Guest blog

The Perks of All-Inclusive by Chris Gray Faust

The Perks of All-Inclusive 

By Chris Gray Faust, Chris Around the World

Chris Around the World Guest Blogs for Cheapcaribbean.com

My husband and I have different ideas of a perfect vacation. While I have no problem being on the go, he prefers to stay in one place, where he can relax and have everything that he needs at his fingertips.

Blame it on today’s job requirements: Many professionals and executives work 24/7, it seems. While smartphones have made it easy to stay in touch, no matter where you are, they have also increased our working hours. The result? When Don pries himself away from his inbox, he needs to truly unplug.

That’s where luxury all-inclusives come in. USA TODAY has noted that resorts where all of the extras are included are on the rise, particularly in the Caribbean and Mexico. It’s been a popular choice during the recession, when travelers preferred to know the price of their holiday up front, paying one bill instead of many. And while these resorts were once favored by budget travelers, maybe used luxury instead of high end properties have gotten into the act, adding spas, private plunge pools and butler service.

On her trip to Jamaica’s IBEROSTAR Grand, for example, USAT’s reporter, Kitty Bean Yancey, found that her gratis butler would unpack her suitcase, bring her a special pillow, make dinner reservations and uncork her wine. Even within her room category, which she described as the least expensive (at around $300 a day in January), 24-hour room service and a stocked minibar were also included, as well as all meals at the resort’s four restaurants.

Travel + Leisure says that the biggest improvements at all-inclusives is the food (important to foodies like my husband and I). Says writer Ann Shields: “Buffet lines haven’t disappeared entirely, but resorts are recognizing that showcasing fresh ingredients and local cuisine will lure guests with more refined palates.”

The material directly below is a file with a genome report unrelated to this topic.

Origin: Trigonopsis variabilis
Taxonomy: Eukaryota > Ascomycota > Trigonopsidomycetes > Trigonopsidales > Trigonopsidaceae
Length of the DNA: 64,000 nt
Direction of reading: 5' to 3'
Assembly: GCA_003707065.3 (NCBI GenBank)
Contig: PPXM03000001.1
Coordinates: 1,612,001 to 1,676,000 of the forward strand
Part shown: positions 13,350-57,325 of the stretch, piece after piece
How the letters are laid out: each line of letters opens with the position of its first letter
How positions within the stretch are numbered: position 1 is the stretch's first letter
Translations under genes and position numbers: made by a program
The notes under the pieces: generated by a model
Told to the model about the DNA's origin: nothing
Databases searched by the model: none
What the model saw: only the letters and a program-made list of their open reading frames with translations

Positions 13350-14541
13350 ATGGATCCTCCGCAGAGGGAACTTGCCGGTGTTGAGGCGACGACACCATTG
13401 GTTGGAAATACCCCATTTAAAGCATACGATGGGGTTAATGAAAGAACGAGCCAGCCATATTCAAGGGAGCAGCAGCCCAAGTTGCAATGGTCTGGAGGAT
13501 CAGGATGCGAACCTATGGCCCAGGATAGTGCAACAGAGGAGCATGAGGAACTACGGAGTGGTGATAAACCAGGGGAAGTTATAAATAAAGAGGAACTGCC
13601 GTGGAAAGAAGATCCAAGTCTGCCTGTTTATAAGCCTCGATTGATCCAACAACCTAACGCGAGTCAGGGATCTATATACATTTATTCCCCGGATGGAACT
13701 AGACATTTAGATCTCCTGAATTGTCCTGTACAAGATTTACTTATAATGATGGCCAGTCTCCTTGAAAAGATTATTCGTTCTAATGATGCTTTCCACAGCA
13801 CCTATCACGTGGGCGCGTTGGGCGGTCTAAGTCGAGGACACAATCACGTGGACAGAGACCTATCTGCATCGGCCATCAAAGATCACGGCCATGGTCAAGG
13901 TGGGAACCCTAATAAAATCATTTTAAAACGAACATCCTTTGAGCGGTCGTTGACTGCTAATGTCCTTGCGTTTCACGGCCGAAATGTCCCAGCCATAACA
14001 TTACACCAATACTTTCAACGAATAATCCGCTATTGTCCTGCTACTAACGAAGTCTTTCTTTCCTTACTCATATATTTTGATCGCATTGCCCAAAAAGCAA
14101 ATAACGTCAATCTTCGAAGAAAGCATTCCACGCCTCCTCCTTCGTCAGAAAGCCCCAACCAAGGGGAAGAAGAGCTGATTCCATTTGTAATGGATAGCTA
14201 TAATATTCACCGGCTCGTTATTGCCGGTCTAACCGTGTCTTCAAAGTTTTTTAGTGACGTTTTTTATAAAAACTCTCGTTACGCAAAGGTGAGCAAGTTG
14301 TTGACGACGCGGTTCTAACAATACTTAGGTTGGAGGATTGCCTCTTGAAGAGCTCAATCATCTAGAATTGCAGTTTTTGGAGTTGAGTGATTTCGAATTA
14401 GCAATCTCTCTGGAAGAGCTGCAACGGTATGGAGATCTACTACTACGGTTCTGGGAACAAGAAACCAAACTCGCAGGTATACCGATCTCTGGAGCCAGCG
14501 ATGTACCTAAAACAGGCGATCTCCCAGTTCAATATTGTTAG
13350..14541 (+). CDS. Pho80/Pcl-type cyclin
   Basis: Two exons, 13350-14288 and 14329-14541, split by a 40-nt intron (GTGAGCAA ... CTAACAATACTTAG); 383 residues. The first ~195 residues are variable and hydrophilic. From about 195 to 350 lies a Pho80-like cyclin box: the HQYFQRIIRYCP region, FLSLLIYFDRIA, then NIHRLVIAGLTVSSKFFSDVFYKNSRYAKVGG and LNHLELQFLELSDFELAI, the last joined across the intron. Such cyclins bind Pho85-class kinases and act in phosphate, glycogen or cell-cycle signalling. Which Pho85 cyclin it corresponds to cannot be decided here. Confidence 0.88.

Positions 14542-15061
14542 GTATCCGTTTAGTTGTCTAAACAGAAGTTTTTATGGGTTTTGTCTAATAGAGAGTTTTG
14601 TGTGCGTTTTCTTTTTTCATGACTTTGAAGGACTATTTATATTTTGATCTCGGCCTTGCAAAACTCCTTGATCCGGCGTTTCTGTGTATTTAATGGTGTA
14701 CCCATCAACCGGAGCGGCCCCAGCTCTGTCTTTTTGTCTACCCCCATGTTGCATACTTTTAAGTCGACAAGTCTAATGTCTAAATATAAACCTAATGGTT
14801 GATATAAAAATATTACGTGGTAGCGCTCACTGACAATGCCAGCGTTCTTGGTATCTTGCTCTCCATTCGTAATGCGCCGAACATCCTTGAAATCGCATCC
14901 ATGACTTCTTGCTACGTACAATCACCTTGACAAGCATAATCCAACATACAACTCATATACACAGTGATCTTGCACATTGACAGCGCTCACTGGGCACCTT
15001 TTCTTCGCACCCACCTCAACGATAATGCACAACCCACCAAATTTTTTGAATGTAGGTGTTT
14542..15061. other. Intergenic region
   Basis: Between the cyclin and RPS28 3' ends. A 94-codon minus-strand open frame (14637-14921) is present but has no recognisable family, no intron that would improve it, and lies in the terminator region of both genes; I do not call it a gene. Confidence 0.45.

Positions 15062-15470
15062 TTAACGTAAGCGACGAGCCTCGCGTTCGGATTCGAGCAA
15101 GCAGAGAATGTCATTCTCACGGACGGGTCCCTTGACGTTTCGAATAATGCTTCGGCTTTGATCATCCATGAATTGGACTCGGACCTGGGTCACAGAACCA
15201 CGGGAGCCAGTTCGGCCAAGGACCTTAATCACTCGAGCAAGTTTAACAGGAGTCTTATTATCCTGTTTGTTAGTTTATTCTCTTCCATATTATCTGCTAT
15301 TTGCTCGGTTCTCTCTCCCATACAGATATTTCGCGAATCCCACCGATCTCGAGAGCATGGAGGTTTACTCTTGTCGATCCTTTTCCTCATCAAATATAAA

Shields’ article also notes that cheesy group events have fallen by the wayside – again, important to someone like Don who just wants to chillax without having to take part in a “meet and greet.”  “Resorts are one-upping each other with an ever-expanding roster of diversions: golf, tennis, ziplines, kids’ clubs, snorkeling trips, Spanish lessons, beachfront climbing walls, kayaking, and trapeze instruction,” Shields writes. “Even lazing on the beach has received an upgrade.”

And how. I noticed on CheapCaribbean.com that the Sivory Hotel in Punta Cana, within the Dominican Republic, has submerged padded loungers in their infinity pool, so you can stay cool and still order a rum drink.  A pina colada poured poolside? Perfection!

The AAA Four-Diamond resort, part of Small Luxury Hotels of the World, also has all-inclusive dining at its three restaurants. Considered one of the best restaurants on the island, Gourmond has an 8,000-bottle wine cellar, and Tau has fresh sushi. While spa services are extra, the rate includes weekly cooking classes, kayaking, snorkeling and access to the steam room and sauna.  Plus, Wi-Fi is complimentary (although I might not tell Don that if I want him to stop working).